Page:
How Do I Start Recovery? Take Your First Step From Here.


back_view_of_woman_standing"How do I begin recovery from an eating disorder?" That question haunts women's hearts and minds. Letters, e-mails, tweets, blogs, discussion groups and forums are filled with bewildered voices in pain struggling to know how to end their eating disorder way of living.

If you are asking this question you know the answer is

difficult to find because of your own self criticism and impossibly high demands you make of yourself. You may condemn yourself for needing help. You may feel that you are a failure because you can't "figure out" what to do to help yourself.  You may feel weak and incompetent because you can't simply "stop" your eating disorder behaviors.

You may feel that you have no direction. You may be certain that you see no signs that point to where you need to be going and what you need to be doing. You come up with a blank feeling at the best of times and and hopeless depair at the worst.

An answer does exist.  It's the same answer for all of us yet different for each of us.  The answer is, you begin where you are. That's why you don't see arrows. Beginning your healing isn't about going somewhere.  It's about being here, right where you are.

So, where are you? The major task you face is to look down and see your feet and where you are standing.

Look carefully at where you are. And when you thoroughly accept where you are, then you take a step toward what is good for you. You move one foot forward.

This is a metaphor, but it's a real metaphor.  Where are you? Are you standing on a scale? Are you alone in an apartment? Are you in a home with husband and children? Are you in school? Are you living in a friend's house or with your parents? Do you have a job? Do you like it? Are you in any kind of danger? Are you being hurt, stalked, frightened, threatened? Is someone abusing you?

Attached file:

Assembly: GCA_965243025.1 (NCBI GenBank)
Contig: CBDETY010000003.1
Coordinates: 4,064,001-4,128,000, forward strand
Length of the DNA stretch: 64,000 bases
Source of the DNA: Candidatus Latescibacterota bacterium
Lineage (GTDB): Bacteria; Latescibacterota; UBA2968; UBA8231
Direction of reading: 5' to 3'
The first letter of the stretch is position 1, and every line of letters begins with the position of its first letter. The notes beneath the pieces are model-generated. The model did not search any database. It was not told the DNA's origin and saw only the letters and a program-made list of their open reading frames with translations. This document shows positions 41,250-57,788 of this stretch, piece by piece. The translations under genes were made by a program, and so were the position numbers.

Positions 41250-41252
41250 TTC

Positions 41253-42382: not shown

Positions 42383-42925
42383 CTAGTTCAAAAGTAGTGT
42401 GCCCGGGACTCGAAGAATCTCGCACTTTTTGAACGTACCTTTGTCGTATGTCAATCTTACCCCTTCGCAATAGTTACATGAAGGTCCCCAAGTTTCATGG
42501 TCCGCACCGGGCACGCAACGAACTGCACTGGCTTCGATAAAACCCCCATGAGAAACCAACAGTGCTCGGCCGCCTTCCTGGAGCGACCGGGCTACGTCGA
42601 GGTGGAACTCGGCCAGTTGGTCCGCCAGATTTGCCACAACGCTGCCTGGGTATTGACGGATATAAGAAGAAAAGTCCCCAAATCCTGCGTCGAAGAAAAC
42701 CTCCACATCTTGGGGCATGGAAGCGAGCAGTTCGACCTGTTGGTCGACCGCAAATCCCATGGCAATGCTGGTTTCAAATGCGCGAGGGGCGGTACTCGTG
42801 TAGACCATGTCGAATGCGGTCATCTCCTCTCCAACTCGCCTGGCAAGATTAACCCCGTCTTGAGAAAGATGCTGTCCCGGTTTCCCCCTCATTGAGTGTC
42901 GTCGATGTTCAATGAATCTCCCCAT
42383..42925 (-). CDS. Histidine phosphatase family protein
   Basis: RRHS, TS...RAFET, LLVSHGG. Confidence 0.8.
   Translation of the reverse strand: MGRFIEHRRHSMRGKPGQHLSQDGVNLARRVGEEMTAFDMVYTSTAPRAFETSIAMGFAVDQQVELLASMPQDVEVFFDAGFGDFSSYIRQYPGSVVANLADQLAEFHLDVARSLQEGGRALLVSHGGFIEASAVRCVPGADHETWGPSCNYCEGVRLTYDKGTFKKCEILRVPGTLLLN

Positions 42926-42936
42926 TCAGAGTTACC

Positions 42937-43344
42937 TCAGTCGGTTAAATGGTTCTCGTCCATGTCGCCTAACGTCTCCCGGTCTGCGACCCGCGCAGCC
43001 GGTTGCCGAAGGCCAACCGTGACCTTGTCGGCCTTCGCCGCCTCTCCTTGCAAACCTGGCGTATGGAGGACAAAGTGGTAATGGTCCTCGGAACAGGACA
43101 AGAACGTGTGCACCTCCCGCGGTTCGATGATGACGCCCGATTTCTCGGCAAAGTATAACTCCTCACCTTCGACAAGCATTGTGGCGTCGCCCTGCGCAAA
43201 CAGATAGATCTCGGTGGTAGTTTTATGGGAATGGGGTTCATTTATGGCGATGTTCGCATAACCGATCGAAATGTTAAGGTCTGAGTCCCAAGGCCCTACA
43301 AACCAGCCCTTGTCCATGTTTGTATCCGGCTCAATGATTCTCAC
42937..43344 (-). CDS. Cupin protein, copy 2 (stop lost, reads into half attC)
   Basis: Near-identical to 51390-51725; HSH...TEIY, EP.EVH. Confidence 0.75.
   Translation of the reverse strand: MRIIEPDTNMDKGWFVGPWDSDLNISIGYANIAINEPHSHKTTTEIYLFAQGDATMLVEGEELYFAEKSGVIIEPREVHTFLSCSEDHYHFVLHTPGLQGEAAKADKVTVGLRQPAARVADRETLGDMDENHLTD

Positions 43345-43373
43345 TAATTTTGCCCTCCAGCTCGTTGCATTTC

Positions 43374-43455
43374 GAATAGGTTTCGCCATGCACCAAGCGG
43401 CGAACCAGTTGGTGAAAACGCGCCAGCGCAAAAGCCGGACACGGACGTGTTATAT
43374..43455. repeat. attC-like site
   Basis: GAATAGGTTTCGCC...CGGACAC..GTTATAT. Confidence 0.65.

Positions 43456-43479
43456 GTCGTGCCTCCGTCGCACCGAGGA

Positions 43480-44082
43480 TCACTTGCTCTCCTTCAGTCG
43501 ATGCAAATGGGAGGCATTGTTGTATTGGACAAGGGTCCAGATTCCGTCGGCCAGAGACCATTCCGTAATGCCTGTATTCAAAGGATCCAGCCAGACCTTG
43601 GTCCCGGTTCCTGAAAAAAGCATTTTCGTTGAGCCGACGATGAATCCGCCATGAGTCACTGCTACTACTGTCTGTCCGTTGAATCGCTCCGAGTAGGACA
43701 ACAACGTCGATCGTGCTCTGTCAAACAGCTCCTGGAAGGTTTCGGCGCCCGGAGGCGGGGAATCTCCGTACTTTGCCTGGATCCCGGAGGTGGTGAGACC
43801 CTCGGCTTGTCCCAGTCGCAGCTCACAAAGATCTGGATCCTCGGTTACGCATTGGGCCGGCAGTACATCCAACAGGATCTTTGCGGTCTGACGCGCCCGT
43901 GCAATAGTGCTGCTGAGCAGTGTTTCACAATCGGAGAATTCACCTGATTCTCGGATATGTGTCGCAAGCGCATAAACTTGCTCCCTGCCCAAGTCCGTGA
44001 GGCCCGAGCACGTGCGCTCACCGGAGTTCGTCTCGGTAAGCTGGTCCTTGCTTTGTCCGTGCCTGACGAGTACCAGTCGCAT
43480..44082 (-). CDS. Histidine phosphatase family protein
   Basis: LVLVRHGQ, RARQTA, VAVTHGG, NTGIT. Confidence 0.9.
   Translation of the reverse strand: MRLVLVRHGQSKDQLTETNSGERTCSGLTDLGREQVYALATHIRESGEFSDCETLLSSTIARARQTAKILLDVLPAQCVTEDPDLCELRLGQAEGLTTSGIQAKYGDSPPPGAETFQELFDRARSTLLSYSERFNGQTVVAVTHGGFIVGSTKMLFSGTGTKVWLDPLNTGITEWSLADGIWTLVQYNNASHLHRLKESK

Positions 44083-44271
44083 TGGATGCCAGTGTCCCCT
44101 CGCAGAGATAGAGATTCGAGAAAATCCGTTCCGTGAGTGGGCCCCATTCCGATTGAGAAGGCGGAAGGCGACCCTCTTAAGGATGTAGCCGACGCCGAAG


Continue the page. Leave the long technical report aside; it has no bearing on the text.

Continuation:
Are you sacrificing your dreams and goals for yourself because you are trying to please someone else or because you feel guilty or foolish for having those dreams?  Do your heartfelt dreams seem impossible to reach or impossible to even try for?  Do you feel it's too late to go after your dreams?

And what do dreams or abuse or where you live have to do with your eating disorder? 

If you think about what triggers your eating disorder behavior and are precise and honest about documenting your triggers, you will discover that you act out to stop unbearable pain. To ignore what you genuinely care about is terribly painful.

The first step you take from where you are right now that is in your own best interests is your step toward eating disorder recovery. You may not address eating behavior for quite a while.  But your beginning is to look at where you are in your life and take a small action to improve the quality of your life.

That might mean saying "no" to someone. It might mean locking a door. It might mean going on job interviews or taking a class in something you like but have been neglecting. It might mean dividing up chores differently. It might mean making moves to live in a safer environment. It might mean writing a journal or going to church. It might mean taking a shower and going for a walk.


If you look carefully and honestly at where you are you will recognize what your first step needs to be. After you take that step you will be in a new here and now.  And again, from where you are you take your next step.